- If needed, add the correct fluid (check your owner’s manual or the AMSOIL Product Guide) until full. On most vehicles, the dipstick tube serves as the fill hole, so you will probably need a long-neck funnel with a narrow opening.
Check fluid condition
Drip a little fluid on a clean white rag or sheet of paper. It should be red. Fluid that’s dark or smells burnt means it’s likely time for a change. Again, fluid analysis is the best way to determine if the fluid is worn out, but if you haven’t changed transmission fluid in years (or ever) and it appears dark, it’s a good idea to change it before the transmission starts to shift hard, jerk or hesitate.
How to check brake fluid
- Most vehicles house the brake fluid in a small, clear reservoir, often near the firewall. The reservoir includes “MIN” and “MAX” indicators. Simply ensure the fluid falls somewhere in between. Check the fluid level with every oil change.
If you need to add fluid, ensure you use a fluid of the proper DOT classification. Find that information in your owner’s manual or using the AMSOIL Product Guide. Remove the reservoir cover and add fluid until reaching the “MAX” line.
How to check power steering fluid
This process is similar to checking brake fluid and should be done with every oil change. Most vehicles have a power-steering-fluid reservoir attached near a fender. Check that the fluid level is between the “MIN” and “MAX” indicators on the reservoir.
- Sometimes, the cap includes a short dipstick. Remove the cap and check the fluid level using the dipstick indicators.
- One important note: some vehicles include markings that indicate the reservoir is “full hot” or “full cold.” Ensure you reference the proper marking depending on if the engine is hot or cold.
How to check differential fluid
Too often, the differential is out of sight, out of mind. It’s easy to neglect checking or changing the fluid since change intervals can exceed 100,000 miles (160,000 km) on some vehicles. And, like “filled-for-life” transmissions, some newer units don’t require fluid changes (allegedly) and don’t include fill or drain plugs for checking fluid.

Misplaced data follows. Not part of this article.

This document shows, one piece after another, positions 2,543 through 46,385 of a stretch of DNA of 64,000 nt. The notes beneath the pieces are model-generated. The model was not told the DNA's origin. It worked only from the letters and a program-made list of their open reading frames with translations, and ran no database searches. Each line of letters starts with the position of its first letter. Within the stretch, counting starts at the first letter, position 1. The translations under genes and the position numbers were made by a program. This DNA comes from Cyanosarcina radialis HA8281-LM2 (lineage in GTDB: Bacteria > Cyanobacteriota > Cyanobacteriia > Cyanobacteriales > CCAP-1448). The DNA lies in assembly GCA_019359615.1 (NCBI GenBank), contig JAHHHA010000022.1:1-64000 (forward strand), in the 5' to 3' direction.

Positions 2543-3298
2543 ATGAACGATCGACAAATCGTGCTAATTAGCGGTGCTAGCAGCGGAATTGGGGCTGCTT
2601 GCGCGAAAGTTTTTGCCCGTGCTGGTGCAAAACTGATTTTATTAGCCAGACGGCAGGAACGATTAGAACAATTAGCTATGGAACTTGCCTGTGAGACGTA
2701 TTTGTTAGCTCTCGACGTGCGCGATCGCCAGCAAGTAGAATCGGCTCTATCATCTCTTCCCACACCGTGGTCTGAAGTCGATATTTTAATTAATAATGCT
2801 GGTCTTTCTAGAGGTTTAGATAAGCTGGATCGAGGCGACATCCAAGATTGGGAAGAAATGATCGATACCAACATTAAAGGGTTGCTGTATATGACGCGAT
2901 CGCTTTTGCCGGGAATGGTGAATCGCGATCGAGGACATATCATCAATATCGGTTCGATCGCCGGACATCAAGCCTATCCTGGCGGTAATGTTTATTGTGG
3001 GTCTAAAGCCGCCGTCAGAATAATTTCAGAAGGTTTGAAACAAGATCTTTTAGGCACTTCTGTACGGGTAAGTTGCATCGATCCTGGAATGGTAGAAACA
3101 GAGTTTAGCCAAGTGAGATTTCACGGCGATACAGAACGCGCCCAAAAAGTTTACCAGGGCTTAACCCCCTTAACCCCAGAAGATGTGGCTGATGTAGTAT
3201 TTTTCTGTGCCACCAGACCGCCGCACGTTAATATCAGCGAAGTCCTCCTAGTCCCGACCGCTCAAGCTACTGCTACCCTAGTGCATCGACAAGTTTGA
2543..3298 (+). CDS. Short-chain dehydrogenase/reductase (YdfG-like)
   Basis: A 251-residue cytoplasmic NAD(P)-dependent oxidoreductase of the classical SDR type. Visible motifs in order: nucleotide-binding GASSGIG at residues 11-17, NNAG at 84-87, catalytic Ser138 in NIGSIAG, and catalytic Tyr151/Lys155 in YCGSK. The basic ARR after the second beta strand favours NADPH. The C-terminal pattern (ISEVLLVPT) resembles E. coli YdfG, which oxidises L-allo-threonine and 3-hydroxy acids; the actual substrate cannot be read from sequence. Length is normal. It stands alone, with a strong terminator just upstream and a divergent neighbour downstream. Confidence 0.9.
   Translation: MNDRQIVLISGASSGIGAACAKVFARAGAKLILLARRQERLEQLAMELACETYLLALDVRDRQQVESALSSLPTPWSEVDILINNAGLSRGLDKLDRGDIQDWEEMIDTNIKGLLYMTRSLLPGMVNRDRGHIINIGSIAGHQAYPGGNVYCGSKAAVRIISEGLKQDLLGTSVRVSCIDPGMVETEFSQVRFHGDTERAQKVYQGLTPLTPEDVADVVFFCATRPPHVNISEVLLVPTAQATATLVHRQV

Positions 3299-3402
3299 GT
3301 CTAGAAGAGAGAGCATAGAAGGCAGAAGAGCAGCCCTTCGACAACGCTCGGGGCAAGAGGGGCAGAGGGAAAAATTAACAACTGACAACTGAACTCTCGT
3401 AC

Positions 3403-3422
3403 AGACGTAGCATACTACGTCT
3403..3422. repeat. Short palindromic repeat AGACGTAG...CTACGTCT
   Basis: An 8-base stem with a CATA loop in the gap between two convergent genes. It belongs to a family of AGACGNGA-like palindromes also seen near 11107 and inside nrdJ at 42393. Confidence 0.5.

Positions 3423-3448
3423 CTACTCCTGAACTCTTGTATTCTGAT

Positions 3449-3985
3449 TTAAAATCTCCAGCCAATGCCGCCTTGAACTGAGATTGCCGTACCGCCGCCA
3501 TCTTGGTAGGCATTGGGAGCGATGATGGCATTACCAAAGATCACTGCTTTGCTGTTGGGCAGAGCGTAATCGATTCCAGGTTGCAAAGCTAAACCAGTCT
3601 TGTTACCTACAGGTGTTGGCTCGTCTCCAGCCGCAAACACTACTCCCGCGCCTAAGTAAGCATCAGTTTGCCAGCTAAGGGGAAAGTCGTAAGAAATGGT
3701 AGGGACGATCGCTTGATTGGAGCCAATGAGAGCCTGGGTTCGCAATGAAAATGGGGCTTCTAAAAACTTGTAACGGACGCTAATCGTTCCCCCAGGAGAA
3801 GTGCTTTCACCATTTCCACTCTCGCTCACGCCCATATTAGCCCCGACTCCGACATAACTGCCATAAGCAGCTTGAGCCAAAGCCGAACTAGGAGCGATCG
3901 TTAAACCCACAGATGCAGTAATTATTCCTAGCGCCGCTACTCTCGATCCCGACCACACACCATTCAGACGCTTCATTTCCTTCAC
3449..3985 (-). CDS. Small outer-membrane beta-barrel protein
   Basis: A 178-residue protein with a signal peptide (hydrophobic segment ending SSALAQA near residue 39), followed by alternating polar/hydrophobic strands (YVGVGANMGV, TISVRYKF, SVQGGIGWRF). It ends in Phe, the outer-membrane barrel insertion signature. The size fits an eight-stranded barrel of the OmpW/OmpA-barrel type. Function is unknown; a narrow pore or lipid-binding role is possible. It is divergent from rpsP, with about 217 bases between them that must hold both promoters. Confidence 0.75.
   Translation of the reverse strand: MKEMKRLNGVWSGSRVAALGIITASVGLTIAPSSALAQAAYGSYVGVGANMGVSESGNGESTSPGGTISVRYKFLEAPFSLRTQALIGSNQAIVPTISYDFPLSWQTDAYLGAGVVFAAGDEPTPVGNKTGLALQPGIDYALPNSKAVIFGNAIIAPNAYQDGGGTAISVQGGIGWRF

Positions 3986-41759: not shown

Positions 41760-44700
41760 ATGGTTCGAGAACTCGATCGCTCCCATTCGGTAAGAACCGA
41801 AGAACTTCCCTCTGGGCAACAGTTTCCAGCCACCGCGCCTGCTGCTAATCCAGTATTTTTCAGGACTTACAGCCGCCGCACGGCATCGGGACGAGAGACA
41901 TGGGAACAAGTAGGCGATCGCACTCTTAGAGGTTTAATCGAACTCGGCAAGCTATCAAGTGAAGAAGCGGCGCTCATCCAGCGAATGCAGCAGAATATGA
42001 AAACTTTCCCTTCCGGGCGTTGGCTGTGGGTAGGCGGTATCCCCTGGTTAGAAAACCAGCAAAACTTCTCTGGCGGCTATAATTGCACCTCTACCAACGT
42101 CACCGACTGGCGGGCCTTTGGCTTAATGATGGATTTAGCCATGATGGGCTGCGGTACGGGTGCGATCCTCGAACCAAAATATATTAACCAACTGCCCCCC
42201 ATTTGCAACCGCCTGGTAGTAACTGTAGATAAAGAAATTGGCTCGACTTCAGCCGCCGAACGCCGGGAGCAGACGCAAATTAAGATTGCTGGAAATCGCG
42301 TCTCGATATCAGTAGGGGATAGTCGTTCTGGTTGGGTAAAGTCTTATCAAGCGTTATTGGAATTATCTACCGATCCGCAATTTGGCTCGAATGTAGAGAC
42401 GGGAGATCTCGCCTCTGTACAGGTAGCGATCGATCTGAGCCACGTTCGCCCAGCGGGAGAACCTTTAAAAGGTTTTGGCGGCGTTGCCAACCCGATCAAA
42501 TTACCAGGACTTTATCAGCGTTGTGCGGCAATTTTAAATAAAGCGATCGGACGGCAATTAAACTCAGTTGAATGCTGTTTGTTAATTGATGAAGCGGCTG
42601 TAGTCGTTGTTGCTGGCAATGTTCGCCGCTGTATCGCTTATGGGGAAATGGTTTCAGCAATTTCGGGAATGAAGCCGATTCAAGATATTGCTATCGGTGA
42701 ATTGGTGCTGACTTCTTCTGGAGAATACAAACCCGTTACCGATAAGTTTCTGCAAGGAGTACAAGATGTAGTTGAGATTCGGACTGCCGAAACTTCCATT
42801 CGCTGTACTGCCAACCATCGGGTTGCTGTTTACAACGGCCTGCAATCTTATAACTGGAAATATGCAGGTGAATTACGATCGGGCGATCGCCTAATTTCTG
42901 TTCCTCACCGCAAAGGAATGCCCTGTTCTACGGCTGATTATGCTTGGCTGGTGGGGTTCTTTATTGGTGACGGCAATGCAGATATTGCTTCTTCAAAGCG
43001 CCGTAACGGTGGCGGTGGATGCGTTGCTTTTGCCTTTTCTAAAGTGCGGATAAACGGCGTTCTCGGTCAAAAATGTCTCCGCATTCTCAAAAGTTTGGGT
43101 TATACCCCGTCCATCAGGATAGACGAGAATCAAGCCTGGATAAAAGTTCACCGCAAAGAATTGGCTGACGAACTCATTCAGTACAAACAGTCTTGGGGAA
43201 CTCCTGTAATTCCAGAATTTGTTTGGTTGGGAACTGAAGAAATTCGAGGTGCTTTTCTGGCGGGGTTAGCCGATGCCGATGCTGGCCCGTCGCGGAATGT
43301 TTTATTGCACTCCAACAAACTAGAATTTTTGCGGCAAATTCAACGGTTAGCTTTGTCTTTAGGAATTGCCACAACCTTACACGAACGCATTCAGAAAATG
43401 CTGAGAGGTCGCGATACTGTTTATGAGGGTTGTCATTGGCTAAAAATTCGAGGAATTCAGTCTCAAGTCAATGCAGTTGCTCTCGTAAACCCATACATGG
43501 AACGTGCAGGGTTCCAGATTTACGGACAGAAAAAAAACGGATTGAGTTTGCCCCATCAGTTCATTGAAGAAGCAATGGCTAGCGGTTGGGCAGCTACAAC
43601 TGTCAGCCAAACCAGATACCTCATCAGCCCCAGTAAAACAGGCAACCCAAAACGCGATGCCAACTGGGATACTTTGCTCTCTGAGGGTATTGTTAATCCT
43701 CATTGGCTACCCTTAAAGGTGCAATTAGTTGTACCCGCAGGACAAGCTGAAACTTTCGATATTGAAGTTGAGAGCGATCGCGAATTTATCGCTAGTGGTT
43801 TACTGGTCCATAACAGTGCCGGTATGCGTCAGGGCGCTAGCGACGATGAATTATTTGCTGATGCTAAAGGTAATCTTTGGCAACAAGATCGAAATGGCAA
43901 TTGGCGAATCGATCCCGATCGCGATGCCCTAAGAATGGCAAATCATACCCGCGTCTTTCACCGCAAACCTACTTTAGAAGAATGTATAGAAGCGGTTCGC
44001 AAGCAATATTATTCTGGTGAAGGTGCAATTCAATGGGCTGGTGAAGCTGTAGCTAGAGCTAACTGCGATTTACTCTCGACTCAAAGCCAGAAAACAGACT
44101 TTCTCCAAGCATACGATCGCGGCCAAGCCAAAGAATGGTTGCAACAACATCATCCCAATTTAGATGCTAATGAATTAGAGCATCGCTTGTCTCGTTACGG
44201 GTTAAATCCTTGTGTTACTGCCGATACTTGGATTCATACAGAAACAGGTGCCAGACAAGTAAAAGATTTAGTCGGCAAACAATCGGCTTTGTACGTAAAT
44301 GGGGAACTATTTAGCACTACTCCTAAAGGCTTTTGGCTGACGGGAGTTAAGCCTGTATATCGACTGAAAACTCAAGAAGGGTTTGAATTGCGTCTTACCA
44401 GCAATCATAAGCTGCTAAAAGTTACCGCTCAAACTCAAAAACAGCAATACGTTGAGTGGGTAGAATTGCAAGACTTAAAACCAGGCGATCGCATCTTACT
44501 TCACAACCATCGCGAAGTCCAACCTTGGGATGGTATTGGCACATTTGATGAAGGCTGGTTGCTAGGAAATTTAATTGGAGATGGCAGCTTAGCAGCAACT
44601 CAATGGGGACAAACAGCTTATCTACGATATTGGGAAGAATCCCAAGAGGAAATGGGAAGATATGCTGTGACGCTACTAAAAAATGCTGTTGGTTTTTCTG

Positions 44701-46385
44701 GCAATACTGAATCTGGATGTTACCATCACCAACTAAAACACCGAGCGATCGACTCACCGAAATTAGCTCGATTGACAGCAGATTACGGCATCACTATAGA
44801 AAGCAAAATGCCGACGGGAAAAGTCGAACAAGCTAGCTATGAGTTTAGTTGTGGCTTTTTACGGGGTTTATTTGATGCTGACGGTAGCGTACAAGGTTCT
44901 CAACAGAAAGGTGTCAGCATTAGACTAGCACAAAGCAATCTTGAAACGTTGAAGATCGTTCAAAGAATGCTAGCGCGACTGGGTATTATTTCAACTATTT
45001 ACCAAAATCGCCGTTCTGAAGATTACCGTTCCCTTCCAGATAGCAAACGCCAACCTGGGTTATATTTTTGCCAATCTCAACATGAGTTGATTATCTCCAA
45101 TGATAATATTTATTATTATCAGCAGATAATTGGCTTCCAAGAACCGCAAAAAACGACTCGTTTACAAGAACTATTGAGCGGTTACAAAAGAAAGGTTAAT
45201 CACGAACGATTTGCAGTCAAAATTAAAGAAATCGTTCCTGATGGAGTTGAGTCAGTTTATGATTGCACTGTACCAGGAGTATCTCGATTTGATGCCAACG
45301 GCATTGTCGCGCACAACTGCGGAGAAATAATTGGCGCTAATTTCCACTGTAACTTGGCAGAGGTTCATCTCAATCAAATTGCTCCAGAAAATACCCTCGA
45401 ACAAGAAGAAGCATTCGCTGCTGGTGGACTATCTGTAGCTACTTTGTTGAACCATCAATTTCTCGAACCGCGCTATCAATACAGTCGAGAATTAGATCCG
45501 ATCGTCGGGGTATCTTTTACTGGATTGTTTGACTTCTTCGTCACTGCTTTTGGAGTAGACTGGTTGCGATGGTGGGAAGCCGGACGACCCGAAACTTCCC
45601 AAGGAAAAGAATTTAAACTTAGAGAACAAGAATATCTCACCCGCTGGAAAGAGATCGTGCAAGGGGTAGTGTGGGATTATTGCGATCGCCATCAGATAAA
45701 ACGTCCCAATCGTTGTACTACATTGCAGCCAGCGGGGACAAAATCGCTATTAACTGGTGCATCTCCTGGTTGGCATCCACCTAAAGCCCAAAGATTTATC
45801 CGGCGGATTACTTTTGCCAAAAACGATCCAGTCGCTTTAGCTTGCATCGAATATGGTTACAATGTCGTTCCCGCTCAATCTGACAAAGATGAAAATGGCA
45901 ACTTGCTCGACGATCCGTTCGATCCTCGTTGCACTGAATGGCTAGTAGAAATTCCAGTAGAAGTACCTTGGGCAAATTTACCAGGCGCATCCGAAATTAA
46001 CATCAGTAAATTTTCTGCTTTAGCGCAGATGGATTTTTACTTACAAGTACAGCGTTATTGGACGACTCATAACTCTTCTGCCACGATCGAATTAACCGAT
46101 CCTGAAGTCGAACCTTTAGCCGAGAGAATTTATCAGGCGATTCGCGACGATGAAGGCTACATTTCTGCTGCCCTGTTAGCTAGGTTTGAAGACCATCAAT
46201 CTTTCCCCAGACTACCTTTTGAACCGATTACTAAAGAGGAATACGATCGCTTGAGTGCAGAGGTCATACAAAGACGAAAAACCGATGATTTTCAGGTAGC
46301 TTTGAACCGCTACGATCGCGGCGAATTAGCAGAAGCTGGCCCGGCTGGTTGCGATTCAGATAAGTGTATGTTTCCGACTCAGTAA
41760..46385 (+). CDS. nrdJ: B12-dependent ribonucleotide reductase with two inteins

- On traditional differentials, locate the fill plug, usually halfway up the differential cover. Some models have two separate plugs, one for draining fluid and one for adding fluid. Some only have a fill port and require removal of the cover to drain the fluid.
- Clean any mud or dirt from around the fill port, then remove the plug. It’s often a 3/8″ hex plug rather than a traditional bolt head.
- Insert your finger into the fill port and feel for the fluid level. It should come up to the bottom of the fill port.
- If needed, add the proper viscosity and type of gear lube (check your owner’s manual or the AMSOIL Product Guide) until it reaches the bottom of the port.
Anyone who has changed gear lube knows the frustration of trying to finagle a rigid plastic bottle into place and squeeze the contents of the bottle into the differential. Using a gear-lube pump is nearly as frustrating and messy.
Opt for the AMSOIL easy-pack instead, which reduces mess, hassle and waste, making this chore much easier and faster.
Check differential fluid condition
As with your vehicle’s other fluids, now’s the ideal time to check gear lube condition. Fluid that appears milky indicates water contamination. Check for grittiness, too, which could indicate gear or bearing wear. It could also means rust has formed and flaked off into the gear lube. In these cases, change the gear lube.
How to check antifreeze/coolant
It’s a good idea to check coolant monthly.
- Always ensure the engine is cool before removing a radiator cap. Hot, pressurized fluid can burn you, so let the car sit for a couple hours before checking coolant.
- Locate the coolant reservoir, which is a fairly large plastic tank near the radiator. Ensure the coolant level falls between the “MIN” and “MAX” marks.
- If needed, add the proper coolant (check your owner’s manual or the AMSOIL Product Guide) directly to the reservoir until the level reaches the proper mark.
- With the engine cool, it’s also a good idea to remove the radiator cap and ensure the coolant reaches the bottom of the filler neck. Check coolant condition and look for slime or sludge in the radiator, which is a sign of contamination.
Hopefully, this post has shown you how to check fluids in your car so that you can ensure your vehicle is in top shape and will last for years.